Nslookup

The Nslookup command allows you to displays information that you can use to diagnose Domain Name System (DNS) infrastructure. One thing you should note, before using this tool, you should be familiar with how DNS works. The Nslookup command-line tool is available only if you have installed the TCP/IP protocol.

Syntax (view syntax formatting guide):

Nslookup [<-SubCommand ...>] [{<ComputerToFind> | -<Server>}]
Nslookup /exit
Nslookup /finger [<UserName>] [{[>] <FileName>|[>>] <FileName>}]
Nslookup /{help | ?}
Nslookup /ls [<Option>] <DNSDomain> [{[>] <FileName>|[>>] <FileName>}]
Nslookup /lserver <DNSDomain>
Nslookup /root
Nslookup /server <DNSDomain>
Nslookup /set <KeyWord>[=<Value>]
Nslookup /set all
Nslookup /set class=<Class>
Nslookup /set [no]d2
Nslookup /set [no]debug
Nslookup /set [no]defname
Nslookup /set domain=<DomainName>
Nslookup /set [no]ignore
Nslookup /set port=<Port>
Nslookup /set querytype=<ResourceRecordType>
Nslookup /set [no]recurse
Nslookup /set retry=<Number>
Nslookup /set root=<RootServer>
Nslookup /set [no]search
Nslookup /set srchlist=<DomainName>[/...]
Nslookup /set timeout=<Number>
Nslookup /set type=<ResourceRecordType>
Nslookup /set [no]vc
Nslookup /view <FileName>

Syntax Explanation

  • Nslookup /exit: Exits nslookup.
  • Nslookup /finger: Connects with the finger server on the current computer.
  • Nslookup /help: Displays a short summary of nslookup subcommands.
  • Nslookup /ls: Lists information for a DNS domain.
  • Nslookup /lserver: Changes the default server to the specified DNS domain.
  • Nslookup /root: Changes the default server to the server for the root of the DNS domain name space.
  • Nslookup /server: Changes the default server to the specified DNS domain.
  • Nslookup /set: Changes configuration settings that affect how lookups function.
  • Nslookup /set all: Prints the current values of the configuration settings.
  • Nslookup /set class: Changes the query class. The class specifies the protocol group of the information.
  • Nslookup /set d2: Turns exhaustive Debugging Mode on or off. All fields of every packet are printed.
  • Nslookup /set debug: Turns Debugging Mode on or off.
  • Nslookup /set defname: Appends the default DNS domain name to a single component lookup request. A single component is a component that contains no periods.
  • Nslookup /set domain: Changes the default DNS domain name to the name specified.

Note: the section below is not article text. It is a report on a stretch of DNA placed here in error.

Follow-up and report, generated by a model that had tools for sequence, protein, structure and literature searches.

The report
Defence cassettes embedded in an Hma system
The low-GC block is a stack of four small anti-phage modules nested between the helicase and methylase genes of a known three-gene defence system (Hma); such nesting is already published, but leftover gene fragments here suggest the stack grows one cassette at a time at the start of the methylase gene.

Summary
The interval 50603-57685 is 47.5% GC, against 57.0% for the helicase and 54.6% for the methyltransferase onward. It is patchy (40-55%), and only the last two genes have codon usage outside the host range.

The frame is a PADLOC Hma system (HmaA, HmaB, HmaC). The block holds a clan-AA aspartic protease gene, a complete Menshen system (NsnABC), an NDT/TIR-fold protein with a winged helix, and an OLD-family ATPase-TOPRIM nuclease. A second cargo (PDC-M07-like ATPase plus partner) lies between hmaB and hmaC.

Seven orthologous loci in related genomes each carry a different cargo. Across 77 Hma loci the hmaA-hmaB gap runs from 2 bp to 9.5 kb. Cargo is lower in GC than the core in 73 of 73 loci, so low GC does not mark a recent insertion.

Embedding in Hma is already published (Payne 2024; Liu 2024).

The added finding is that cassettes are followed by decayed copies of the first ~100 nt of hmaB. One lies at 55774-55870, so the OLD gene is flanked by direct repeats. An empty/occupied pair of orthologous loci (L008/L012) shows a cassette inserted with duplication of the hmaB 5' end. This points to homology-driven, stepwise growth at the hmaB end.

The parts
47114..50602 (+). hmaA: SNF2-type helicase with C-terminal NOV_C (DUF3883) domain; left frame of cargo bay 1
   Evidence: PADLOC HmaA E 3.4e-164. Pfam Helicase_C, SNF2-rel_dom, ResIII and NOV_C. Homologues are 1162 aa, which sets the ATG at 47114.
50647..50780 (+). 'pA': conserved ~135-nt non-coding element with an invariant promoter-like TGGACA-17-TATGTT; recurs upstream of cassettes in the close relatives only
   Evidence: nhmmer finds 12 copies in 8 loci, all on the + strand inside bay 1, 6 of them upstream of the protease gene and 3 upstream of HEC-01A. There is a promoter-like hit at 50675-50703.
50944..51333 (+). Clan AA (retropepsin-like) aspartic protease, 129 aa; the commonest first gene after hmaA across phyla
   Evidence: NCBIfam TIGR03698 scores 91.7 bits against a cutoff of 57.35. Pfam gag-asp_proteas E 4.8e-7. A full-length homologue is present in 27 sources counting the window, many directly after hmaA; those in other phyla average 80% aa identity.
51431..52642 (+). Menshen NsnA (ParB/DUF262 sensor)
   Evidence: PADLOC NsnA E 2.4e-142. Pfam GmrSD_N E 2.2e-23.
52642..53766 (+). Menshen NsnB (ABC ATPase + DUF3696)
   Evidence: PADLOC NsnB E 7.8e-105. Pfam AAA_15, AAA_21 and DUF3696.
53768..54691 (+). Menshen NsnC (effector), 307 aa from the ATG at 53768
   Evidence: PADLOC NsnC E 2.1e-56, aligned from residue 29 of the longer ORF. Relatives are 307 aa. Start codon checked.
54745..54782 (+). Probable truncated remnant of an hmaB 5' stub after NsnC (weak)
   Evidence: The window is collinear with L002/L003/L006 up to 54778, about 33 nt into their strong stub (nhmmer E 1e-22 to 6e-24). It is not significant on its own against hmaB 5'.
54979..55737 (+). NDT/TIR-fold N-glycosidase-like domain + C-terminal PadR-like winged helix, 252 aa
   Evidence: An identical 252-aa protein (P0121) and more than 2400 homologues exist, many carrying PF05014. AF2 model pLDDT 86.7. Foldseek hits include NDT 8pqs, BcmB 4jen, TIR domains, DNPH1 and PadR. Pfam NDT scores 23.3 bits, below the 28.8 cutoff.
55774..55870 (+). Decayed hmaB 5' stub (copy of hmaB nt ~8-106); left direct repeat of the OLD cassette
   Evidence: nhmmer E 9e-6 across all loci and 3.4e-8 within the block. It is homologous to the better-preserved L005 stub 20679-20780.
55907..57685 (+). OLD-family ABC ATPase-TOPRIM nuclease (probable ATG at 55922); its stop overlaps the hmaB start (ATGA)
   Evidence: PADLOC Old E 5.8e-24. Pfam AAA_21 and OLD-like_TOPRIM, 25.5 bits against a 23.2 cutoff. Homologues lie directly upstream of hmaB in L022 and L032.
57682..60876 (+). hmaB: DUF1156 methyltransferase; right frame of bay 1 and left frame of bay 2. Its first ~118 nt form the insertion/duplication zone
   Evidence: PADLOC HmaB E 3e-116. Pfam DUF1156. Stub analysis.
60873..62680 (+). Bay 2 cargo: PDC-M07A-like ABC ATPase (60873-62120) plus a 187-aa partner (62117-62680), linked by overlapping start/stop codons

• Nslookup /set ignore: Ignores packet truncation errors.
  • Nslookup /set port: Changes the default TCP/UDP DNS name server port to the value specified.
  • Nslookup /set querytype: Changes the resource record type for the query.
  • Nslookup /set recurse: Tells the DNS name server to query other servers if it does not have the information.
  • Nslookup /set retry: Sets the number of retries.
  • Nslookup /set root: Changes the name of the root server used for queries.
  • Nslookup /set search: Appends the DNS domain names in the DNS domain search list to the request until an answer is received. This applies when the set and the lookup request contain at least one period, but do not end with a trailing period.
  • Nslookup /set srchlist: Changes the default DNS domain name and search list.
  • Nslookup /set timeout: Changes the initial number of seconds to wait for a reply to a request.
  • Nslookup /set type: Changes the resource record type for the query.
  • Nslookup /set vc: Specifies to use or not use a virtual circuit when sending requests to the server.
  • Nslookup /view: Sorts and lists the output of the previous ls subcommand or commands.

Explanation with Examples

If ComputerToFind is an IP address and the query is for an A or PTR resource record type, the name of the computer is returned. If ComputerToFind is a name and does not have a trailing period, the default DNS domain name is appended to the name. This behavior depends on the state of the following set subcommands: domain, srchlist, defname, and search.

 

If you type a hyphen (-) instead of ComputerToFind, the command prompt changes to nslookup interactive mode.

 

The command-line length must be less than 256 characters.

Nslookup has two modes: interactive and noninteractive. 
If you need to look up only a single piece of data, use noninteractive mode. For the first parameter, type the name or IP address of the computer that you want to look up. For the second parameter, type the name or IP address of a DNS name server. If you omit the second argument, nslookup uses the default DNS name server.
If you need to look up more than one piece of data, you can use interactive mode. Type a hyphen (-) for the first parameter and the name or IP address of a DNS name server for the second parameter. Or, omit both parameters and nslookup uses the default DNS name server. Following are some tips about working in interactive mode:

To interrupt interactive commands at any time, press CTRL+B.

To exit, type exit.

To treat a built-in command as a computer name, precede it with the escape character ().

An unrecognized command is interpreted as a computer name.

Examples

Each command-line option consists of a hyphen (-) followed immediately by the command name and, in some cases, an equal sign (=) and then a value.

To change the default query type to host (computer) information and the initial time-out to 10 seconds:

nslookup -querytype=hinfo -timeout=10